I will try to keep this as quick as possible. I see an accelerometer on adafruits website that I would like to integrated into one of my PCB designs. On eagle CAD I see when I click on the component its foot print comes with all the individual components that make the device work. My question is how or where do I buy those parts from. It seems as though adafruit only sells the devices already mounted on boards. I would just like the Bill of materials that make up that device and to buy that bill of materials from adafruit to send to a manufacturer to mount on my board.
I just want to buy what I see on the breakout board as individual device "kits" if you will. Only other way is to de-solder each component from a purchased board and placing it on the new boards in the correct locations. AKA not gonna happen.
Why not just buy the parts you need from an electronics supply house like digikey, or farnell, or newark?
In the USA, digikey is great - shipping is cheap and fast, and prices are reasonable even in small quantities.
You won't find "kits" for breakout boards that would involve soldering SMDs - the people who buy kits are afraid of SMDs. The people who aren't afraid to solder SMDs buy from electronics supply houses like digikey.
I’ll be honest im afraid of everything at this point. My main issue is that with digikey how do I know if the microchip or microprocessor on digikey is the exact same one that the adafruit breakout board used?
Or should I just look for one with the same specs. I.E. -3G to 3G range analog output kinda thing.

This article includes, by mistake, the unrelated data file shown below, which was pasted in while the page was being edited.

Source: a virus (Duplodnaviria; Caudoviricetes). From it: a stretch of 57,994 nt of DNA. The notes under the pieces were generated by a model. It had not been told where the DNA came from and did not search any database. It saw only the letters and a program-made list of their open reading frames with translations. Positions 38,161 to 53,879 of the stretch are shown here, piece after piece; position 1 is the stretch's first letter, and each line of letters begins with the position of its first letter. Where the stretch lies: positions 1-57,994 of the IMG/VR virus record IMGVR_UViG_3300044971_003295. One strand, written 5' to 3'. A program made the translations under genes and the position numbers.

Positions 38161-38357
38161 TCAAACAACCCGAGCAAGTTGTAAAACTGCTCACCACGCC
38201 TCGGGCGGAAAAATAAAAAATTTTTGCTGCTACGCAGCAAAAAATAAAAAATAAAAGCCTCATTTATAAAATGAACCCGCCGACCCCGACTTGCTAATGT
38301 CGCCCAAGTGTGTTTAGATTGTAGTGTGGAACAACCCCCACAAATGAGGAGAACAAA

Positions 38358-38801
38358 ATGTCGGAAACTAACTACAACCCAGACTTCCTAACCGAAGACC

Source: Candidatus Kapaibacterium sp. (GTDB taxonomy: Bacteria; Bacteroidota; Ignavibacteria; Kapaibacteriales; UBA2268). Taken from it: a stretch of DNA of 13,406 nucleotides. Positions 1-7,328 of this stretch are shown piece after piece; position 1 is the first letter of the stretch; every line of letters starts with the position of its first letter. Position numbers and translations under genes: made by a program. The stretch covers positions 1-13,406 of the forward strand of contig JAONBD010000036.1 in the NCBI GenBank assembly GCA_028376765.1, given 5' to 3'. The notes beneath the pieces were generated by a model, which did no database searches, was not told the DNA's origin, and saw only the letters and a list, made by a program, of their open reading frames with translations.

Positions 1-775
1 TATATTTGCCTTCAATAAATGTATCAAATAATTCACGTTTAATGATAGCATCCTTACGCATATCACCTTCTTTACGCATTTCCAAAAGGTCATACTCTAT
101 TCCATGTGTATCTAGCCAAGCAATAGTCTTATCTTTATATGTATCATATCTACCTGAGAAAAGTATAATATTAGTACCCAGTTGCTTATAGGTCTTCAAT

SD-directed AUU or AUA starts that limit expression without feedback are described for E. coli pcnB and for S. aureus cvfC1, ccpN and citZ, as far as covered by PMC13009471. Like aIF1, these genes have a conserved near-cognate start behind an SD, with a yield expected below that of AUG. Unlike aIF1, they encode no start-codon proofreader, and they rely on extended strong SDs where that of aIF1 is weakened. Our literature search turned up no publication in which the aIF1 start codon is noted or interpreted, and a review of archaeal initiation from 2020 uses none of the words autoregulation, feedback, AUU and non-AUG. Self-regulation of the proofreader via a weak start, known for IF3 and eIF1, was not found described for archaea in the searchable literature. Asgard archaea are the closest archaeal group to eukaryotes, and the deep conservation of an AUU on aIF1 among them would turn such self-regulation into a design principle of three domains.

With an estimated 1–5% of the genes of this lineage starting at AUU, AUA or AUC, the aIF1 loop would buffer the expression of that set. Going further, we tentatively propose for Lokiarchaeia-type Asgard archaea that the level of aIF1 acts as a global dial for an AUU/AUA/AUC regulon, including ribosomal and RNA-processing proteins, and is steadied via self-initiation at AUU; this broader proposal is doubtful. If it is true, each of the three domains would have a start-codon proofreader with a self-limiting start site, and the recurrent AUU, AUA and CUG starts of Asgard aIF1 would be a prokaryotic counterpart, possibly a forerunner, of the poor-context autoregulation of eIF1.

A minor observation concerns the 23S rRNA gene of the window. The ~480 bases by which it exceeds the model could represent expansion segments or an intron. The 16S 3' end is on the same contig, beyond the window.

Should I just make the components try to match up as closely as possible from what I see as the total external components from the eagle Cad file of that device.
I hope this makes sense.
Usually, most parts on the board are not critical (for example, passives like resistors and caps are almost always interchangable with others of similar ratings).
The chip itself (or sensor, or whatever the critical component is) is critical (if you don't see the same part number, refer to datasheet for information on differences between part number), but most of the supporting parts, not so much. You need to understand what the role of the parts is in order to integrate that design with your board and have a good chance of avoiding mishaps. If you aren't at the point where you can understand what purpose the parts serve, and why they chose the parts they did (having read the relevant datasheet), you may not be ready to design boards with that part yet.
Since you're not very comfortable with this stuff, have you considered (for your first boards), instead of integrating everything onto the same board, put the complicated stuff (the sensor or whatever) on the breakout board from adafruit (or from ebay, cause you can probably get a clone of the adafruit one for less on ebay), and put pin header on your board to connect to it. That way you can do the simpler parts of the circuit on your board, and get some experience designing boards, and as you get more practice, you can start integrating the trickier hardware. There is absolutely some hardware that you can get on breakout boards for a fraction of what you'd pay for the parts except in massive quantities, thanks to the miracle of chinese mass production.
Ahh the part number can most likely be found on the data sheet! HA! YES!!! I think this is the part that was eluding me this whole time. However, I have been doing something like you've just mentioned. I had a custom PCB fabricated with pin holes to mount the break out boards directly to the new board. I don't know why I didn't bother to look for the critical component part numbers in the data sheet. Guess I was a bit over whelmed. Thanks for the advice!